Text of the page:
With the passage of the Voting Rights Act of 1965, Martin Luther King, Jr., had to determine what direction he was subsequently to pursue. After all, the previous year, he was able to celebrate the enactment of the accommodations bill; the Civil Rights Act of 1964 theoretically eliminated segregation known as Jim Crow in public places and outlawed racial discrimination and other oppressive xenophobia in the body politic. Whereas it did not eliminate bias and prejudice, it gave recourse to those treated unfairly because of their background or identity to file for a redress of their grievances in a court of law.
Eventually, King began to focus on the socioeconomic disadvantages of African Americans and ventured into the northern cities of the United States to tackle poverty and unemployment and their ramifying effects. While he was contemplating a move to Chicago for the Southern Christian Leadership Conference’s next campaign, his ears began to pique over the concerns his wife, Coretta, expressed concerning the Vietnam War and President Lyndon Johnson’s escalation of U.S. participation in that battle. Coretta had already begun making some public references to our involvement there. King himself was less vocal about the crisis because of his hope that the administration’s War on Poverty would begin to manifest some dividends.
During this period of time, King received an unexpected letter from a Buddhist monk born in Vietnam over the terrible strife in his native land. Thich Nhat Hanh averred in that letter his appreciation for the nonviolent direct-action work that King had prosecuted and evinced over the past ten years. He believed that King’s visceral aversion to violence and his conciliatory way of life would help in decrying the destruction occurring in Vietnam. His admiration for King was self-evident, and the latter reciprocated the appreciation. Thus, a genuine relationship of mutual respect began.
The two of them were members of the pacifistic organization known as the Fellowship for Reconciliation. Nhat Hanh believed that their shared interests in the peaceful resolution of conflict could empower others to protest and demonstrate against the war in Vietnam. They were able to meet the following year. Nhat Hanh’s agreement with the nonviolent struggle for human rights helped to embolden King to pepper his speeches with references to that unwinnable war and its deleterious effects on the efforts to eradicate poverty in the most affluent nation in the world.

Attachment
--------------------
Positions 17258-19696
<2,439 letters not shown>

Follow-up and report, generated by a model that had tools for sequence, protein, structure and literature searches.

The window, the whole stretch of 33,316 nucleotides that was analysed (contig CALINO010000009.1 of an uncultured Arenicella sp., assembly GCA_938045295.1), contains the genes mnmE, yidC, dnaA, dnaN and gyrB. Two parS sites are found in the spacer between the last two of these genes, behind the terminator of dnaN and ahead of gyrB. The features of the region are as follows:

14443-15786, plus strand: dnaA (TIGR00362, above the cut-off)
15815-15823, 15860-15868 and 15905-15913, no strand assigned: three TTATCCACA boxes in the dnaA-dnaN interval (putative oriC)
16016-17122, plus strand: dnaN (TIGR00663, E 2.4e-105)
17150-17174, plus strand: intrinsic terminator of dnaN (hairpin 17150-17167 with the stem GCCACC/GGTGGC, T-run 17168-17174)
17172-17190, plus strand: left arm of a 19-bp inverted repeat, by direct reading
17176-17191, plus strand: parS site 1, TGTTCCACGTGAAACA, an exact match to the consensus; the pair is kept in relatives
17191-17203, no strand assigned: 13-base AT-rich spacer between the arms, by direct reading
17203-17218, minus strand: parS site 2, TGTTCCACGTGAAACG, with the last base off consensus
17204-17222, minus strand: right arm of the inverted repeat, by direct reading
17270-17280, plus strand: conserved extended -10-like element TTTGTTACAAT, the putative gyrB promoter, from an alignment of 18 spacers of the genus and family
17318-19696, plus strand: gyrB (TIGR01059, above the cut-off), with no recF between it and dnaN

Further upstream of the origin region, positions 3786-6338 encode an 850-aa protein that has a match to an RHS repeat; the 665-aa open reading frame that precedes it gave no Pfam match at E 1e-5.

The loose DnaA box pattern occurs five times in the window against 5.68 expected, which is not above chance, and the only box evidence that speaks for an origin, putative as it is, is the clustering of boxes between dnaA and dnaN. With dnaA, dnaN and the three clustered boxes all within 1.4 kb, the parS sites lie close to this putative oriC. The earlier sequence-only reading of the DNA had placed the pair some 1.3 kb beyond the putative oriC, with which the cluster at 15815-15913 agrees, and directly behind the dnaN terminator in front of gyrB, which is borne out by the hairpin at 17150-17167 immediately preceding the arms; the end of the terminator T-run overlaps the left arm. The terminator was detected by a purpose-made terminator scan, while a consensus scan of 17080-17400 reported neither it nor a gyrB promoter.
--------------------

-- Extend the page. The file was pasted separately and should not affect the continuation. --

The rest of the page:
In January of 1967, King traveled to Jamaica for rest as well as to devote concentrated time on his new book, Where Do We Go from Here: Chaos or Community? While at the airport, he picked up some magazines, one of which was Ramparts. In it, there was an article by William Pepper called “The Children of Vietnam.” Pictures of dead children in mothers’ arms and burned bodies from napalm shocked King to his core. As his friend, Bernard Lee, put it, King could not eat upon seeing it and vowed at that very moment to do whatever he could to end the internecine battlefront responsible for such horror.
Soon thereafter, King became more deliberate about his opposition to the war—despite the negative reactions by members of the SCLC, other African American civil rights leaders, and the media. He could not resist the beckoning cries of Coretta, Hanh, Dr. Benjamin Spock, and Rev. James Bevel to take the stage to rail against the travesty in Vietnam. Consequently, when he received an invitation from Clergy and Laity Concerned about Vietnam to speak out against the war at the Riverside Church in New York City, he unhesitatingly accepted. Precisely a year before he was assassinated, King delivered his speech at that hallowed sanctuary entitled, “A Time to Break Silence.”
Among some others, Nhat Hanh greatly influenced King in this new venture. They resonated with each other’s quest for peace and the search for the beloved community. As a past recipient of the coveted Nobel Peace Prize, King went against protocol and strongly encouraged the Nobel Committee to award Nhat Hanh in 1967. Perhaps because of the tensions involved with the international community over Vietnam, the members of the selection committed demurred and did not even grant a prize to anyone that year!
Although King was an ordained Baptist minister and Nhat Hanh a Buddhist monk, their religious differences did not alienate them from one another. As a matter of fact, they found harmony in their shared ultimate goal of a more peaceful society and world. Nhat Hanh was inspired by the nonviolent strategies of King and his embodiment of the teachings of Jesus; and King embraced Nhat Hanh like he did Mohandas Gandhi—considering the latter to be a great soul, the Mahatma, and the former to be a personification of the Buddha, i.e., a bodhisattva (an enlightened, saintly individual who stays around to eliminate human suffering).
They shared an ecumenical spirit severely lacking in our world today among divergent religious adherents. We have much to learn from the Prince of Peace and the Father of Mindfulness.